Sacred Ground
The Israeli-Palestinian Conflict in Ann Arbor
by James Militzer

Ann Arbor Observer
May 2006
Vol. 30,  No. 9, p. 29


It’s raining softly, and two men are standing in front of the synagogue on Washtenaw, looking uncomfortable in their suits and ties. One of them holds a picture of an old woman standing outside a demolished home. The other is the most controversial man in Ann Arbor. A few people stand with them, carrying signs with slogans like “Zionism is racism” and “End Israeli apartheid.” Most remain silent, though some murmur “Shabbat shalom” to the passing worshippers. Their greetings are met with stony silence and cold stares .Soon a luxury car pulls into the parking lot, a dignified elderly couple in the front seat. The man ignores the group completely, while his wife rolls down the window and flips them the bird

Welcome to the local version of the Israeli-Palestinian conflict. Though Ann Arbor is some 6,000 miles from the front lines, the struggle there reverberates through the city’s vibrant Jewish and Arab communities. Most notoriously, every Saturday morning at Beth Israel Congregation, a group that calls itself “Jewish Witnesses for Peace and friends” stages the only synagogue protests in the world. That’s according to its leader, Henry Herskovitz, whose two-year crusade has cemented his status as the city’s most controversial man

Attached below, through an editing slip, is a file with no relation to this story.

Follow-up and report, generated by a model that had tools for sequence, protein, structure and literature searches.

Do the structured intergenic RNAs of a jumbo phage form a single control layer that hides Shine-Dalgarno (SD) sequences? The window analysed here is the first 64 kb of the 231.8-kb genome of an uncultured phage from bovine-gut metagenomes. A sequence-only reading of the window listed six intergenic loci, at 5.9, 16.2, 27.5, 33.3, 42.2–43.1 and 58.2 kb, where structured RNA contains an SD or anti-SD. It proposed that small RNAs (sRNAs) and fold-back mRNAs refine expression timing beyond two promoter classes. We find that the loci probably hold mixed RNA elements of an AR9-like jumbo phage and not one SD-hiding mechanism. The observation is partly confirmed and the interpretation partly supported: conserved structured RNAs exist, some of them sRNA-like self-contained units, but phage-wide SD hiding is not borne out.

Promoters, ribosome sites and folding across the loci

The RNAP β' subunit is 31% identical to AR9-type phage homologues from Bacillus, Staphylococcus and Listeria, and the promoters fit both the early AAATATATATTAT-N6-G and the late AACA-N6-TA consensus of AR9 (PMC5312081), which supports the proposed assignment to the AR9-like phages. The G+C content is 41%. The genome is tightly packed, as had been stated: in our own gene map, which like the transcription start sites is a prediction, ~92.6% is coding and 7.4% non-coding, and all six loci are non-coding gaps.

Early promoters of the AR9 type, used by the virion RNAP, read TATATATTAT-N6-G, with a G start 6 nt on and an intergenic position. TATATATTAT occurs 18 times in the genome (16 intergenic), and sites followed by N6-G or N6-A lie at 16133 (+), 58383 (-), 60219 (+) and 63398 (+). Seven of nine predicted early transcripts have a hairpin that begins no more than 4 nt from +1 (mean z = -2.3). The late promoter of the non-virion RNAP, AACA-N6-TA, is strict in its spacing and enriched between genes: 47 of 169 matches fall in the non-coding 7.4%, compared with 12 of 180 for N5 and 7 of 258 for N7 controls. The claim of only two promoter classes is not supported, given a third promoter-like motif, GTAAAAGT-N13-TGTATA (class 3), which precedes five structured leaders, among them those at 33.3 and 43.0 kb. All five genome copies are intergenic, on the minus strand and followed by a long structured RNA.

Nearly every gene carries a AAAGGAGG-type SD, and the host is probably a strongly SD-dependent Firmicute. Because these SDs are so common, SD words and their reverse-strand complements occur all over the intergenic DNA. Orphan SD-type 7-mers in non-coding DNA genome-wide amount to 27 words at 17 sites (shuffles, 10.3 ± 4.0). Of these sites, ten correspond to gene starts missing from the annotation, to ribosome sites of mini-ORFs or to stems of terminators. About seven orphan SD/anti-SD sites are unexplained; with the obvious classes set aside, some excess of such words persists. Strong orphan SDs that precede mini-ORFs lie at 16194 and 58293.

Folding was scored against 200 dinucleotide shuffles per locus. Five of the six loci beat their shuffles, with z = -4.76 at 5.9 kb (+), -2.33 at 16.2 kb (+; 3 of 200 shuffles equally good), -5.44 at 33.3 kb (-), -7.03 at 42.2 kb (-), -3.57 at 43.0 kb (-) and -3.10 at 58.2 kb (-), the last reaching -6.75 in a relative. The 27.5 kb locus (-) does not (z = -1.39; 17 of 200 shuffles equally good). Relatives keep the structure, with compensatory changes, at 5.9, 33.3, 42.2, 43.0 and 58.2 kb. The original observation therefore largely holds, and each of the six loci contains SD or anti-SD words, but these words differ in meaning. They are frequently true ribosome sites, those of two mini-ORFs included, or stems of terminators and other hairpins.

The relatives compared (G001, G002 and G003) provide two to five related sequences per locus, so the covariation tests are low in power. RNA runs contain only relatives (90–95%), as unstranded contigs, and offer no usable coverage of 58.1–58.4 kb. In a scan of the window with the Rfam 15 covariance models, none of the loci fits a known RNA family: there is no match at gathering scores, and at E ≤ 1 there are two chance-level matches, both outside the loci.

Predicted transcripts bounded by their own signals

He wasn’t always such a firebrand. A retired engineer, Herskovitz was inspired to activism by a 2002 trip to the Israeli-occupied West Bank. “I saw things that rocked my world,” he says, his voice lowered to a whisper. “There are soldiers everywhere. There are sniper towers everywhere. Walking down the street, you are never out of sight of a gun. And there are over seven hundred checkpoints that Israel has set up, restricting travel, making it impossible to . . . to live a life.”